- Biological treatments: Assess whether patients having intravenous treatment can be switched to subcutaneous treatment (for example, tocilizumab, abatacept, belimumab). Assess whether patients having infliximab can be switched to an alternative subcutaneous tumour necrosis factor inhibitor. Assess whether maintenance treatment with rituximab can be reduced to 1 pulse or the duration between treatments increased
- Immunoglobulins: Assess whether the frequency of intravenous immunoglobulins can be reduced in patients attending day-care services in line with NHS England's clinical guide on the management of patients requiring immunoglobulin treatment
- Bisphosphonates and denosumab: Do not postpone treatment with denosumab. Treatment with zoledronate can be postponed for up to 6 months.
- Treatments for digital ulcer disease: Ensure that patients having intravenous prostaglandins (for example, iloprost, epoprostenol) have had the maximum dose of sildenafil. Assess whether they can be switched to bosentan.
- Assess with each patient whether it is safe to increase the time interval between blood tests for drug monitoring, particularly if 3‑monthly blood tests have been stable for more than 2 years.
- Patients starting a new disease-modifying antirheumatic drug should follow recommended blood monitoring guidelines. When this is not possible, they should contact the relevant specialist for advice.
Modifications to Usual Care
- Maintain a robust on-call service for cross-consultant referrals that is available all the time, teaming up with other NHS trusts if necessary.
- In tertiary centres, maintain specialised rheumatology networks and virtual multidisciplinary team meetings to discuss the management of complex disorders and to ratify high-cost drug use.
- Primary care SHOULD Prioritise urgent and emergency musculoskeletal referrals to secondary care in line with NHS England's clinical guide on urgent and emergency musculoskeletal conditions requiring onward referral.
- For urgent new referrals from primary care for suspected inflammatory arthritis, suspected autoimmune connective tissue diseases and vasculitis (including giant cell arteritis), offer a phone or virtual consultation followed by a face-to-face appointment after asking about COVID‑19 symptoms.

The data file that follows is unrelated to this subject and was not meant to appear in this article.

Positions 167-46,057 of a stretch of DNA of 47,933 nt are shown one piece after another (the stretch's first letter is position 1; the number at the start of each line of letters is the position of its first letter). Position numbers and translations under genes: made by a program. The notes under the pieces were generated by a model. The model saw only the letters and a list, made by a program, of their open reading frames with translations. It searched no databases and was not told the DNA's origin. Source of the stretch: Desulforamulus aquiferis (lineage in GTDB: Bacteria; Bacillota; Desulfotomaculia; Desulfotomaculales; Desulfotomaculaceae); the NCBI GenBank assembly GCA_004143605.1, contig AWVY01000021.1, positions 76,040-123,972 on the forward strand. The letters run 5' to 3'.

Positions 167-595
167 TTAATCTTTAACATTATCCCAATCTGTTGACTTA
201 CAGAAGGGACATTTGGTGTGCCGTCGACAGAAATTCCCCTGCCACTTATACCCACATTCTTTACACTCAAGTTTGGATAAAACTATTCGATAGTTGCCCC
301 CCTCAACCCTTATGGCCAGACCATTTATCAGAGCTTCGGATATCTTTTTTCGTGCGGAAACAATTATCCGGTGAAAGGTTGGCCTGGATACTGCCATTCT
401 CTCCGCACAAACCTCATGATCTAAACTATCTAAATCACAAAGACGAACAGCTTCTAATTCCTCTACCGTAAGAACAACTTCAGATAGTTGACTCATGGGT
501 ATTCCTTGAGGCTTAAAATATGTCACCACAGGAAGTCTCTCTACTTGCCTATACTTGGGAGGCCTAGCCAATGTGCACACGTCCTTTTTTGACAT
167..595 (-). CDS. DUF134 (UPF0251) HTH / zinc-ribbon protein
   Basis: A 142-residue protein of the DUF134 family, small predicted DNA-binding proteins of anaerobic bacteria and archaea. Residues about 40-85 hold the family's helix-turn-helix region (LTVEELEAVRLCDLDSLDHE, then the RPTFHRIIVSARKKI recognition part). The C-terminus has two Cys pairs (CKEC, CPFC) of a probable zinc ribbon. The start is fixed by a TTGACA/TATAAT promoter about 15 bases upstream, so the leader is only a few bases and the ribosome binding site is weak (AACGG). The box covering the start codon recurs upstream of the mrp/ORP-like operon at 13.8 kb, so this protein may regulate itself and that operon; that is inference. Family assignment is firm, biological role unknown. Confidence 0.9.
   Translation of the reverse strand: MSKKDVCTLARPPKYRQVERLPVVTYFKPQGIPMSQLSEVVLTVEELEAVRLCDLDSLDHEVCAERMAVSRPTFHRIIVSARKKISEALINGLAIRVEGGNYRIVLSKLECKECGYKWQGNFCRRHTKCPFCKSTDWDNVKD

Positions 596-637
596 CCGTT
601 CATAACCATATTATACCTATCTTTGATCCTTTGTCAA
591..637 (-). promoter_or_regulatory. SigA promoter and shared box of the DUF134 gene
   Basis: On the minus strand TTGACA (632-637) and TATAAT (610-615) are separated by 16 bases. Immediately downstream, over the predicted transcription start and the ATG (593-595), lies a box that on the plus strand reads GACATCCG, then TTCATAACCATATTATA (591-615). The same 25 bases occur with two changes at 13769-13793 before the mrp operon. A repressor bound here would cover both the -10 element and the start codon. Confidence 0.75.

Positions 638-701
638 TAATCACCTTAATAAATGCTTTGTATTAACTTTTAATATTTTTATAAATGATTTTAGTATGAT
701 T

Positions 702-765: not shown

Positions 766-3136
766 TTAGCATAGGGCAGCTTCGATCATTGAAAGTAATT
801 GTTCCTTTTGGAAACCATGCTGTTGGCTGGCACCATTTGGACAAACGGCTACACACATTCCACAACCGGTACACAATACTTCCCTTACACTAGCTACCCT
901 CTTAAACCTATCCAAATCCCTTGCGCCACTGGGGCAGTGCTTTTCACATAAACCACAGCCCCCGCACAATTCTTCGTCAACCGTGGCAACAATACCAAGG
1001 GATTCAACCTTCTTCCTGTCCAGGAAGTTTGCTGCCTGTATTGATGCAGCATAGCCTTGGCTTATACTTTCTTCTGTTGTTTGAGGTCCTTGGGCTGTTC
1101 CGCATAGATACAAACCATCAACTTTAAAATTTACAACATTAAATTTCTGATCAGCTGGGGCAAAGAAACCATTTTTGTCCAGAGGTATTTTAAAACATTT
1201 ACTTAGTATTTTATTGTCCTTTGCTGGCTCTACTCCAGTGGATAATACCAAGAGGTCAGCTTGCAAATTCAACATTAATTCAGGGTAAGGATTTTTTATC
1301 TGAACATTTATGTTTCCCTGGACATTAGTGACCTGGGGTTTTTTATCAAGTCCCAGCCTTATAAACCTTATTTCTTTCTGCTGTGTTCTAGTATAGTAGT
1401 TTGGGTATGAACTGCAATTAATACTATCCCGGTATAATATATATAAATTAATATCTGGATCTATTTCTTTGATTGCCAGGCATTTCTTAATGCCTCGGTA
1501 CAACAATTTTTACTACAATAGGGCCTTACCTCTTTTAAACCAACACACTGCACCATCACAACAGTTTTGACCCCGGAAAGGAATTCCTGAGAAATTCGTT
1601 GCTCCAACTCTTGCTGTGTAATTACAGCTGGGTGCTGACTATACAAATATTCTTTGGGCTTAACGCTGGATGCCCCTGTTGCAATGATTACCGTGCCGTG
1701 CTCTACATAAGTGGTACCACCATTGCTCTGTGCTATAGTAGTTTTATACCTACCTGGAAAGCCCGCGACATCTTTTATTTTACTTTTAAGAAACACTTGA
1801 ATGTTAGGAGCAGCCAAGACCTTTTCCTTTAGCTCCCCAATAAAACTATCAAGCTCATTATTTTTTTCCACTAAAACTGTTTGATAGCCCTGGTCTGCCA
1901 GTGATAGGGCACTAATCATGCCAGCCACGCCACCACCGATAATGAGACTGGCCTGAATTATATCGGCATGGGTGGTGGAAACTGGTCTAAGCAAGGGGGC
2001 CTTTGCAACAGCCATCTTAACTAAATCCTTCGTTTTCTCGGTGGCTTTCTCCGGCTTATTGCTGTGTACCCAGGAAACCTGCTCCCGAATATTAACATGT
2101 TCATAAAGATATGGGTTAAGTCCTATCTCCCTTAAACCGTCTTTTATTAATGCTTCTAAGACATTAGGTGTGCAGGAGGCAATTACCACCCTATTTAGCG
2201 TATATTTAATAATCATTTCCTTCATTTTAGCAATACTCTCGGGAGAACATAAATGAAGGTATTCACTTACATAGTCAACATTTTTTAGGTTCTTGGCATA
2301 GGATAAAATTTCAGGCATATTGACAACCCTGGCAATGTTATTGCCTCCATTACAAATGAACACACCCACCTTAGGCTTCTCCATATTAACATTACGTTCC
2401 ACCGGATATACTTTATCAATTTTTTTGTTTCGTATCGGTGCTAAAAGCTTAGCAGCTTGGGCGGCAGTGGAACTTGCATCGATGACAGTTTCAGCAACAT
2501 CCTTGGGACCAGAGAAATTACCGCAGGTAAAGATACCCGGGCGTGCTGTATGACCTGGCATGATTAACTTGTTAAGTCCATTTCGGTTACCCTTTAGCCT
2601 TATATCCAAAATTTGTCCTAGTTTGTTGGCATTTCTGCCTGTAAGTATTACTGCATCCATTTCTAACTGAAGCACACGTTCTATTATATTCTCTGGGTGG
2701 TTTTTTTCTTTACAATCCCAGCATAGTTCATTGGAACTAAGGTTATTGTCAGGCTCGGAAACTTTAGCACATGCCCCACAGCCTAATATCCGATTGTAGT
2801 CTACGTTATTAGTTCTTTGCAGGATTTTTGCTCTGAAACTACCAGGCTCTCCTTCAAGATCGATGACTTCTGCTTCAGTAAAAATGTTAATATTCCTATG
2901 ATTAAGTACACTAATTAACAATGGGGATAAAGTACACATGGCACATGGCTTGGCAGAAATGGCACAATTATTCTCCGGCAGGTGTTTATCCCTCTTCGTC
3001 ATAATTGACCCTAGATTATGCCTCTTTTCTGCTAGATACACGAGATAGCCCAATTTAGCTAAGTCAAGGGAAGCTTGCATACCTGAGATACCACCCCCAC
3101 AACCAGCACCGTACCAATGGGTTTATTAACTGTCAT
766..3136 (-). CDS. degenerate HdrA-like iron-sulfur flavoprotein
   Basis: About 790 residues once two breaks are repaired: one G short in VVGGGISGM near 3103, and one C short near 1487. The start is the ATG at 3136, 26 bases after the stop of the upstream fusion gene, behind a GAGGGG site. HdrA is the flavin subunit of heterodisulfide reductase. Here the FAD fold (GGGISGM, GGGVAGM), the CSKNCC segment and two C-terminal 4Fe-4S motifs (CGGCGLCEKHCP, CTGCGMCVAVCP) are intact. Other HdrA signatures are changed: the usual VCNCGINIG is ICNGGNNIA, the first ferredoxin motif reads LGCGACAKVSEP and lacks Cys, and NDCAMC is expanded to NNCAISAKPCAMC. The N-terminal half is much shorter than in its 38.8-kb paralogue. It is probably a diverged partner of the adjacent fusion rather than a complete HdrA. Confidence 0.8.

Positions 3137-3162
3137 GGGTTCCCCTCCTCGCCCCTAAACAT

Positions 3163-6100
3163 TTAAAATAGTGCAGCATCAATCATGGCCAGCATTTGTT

- For urgent follow ups (such as for ongoing and new flares, and for treatment adjustment after monitoring), think about using phone or virtual consultations followed by a face-to-face appointment, if needed, after asking about COVID‑19 symptoms.
- For in-patients: maintain rheumatology ward cover, and an out-of-hours on-call service to: provide advice on immunosuppressive drugs' carry out assessments of rheumatological and COVID‑19 disease status and enable early discharge.
- All healthcare workers assessing and caring for patients who have known or suspected COVID‑19 should follow UK government guidance for infection prevention and control. This contains information on using personal protective equipment (PPE), including visual and quick guides for putting on and taking off PPE.
- Make provisions to provide care by enabling telephone or video consultations, and attendance at virtual multidisciplinary team meetings
- Identifying patients who are suitable for remote monitoring and follow up, and those who are vulnerable and need support
- Support staff to keep in touch as much as possible, to support their mental wellbeing
- Provide all staff with visible leadership and supportive messaging, to maintain morale.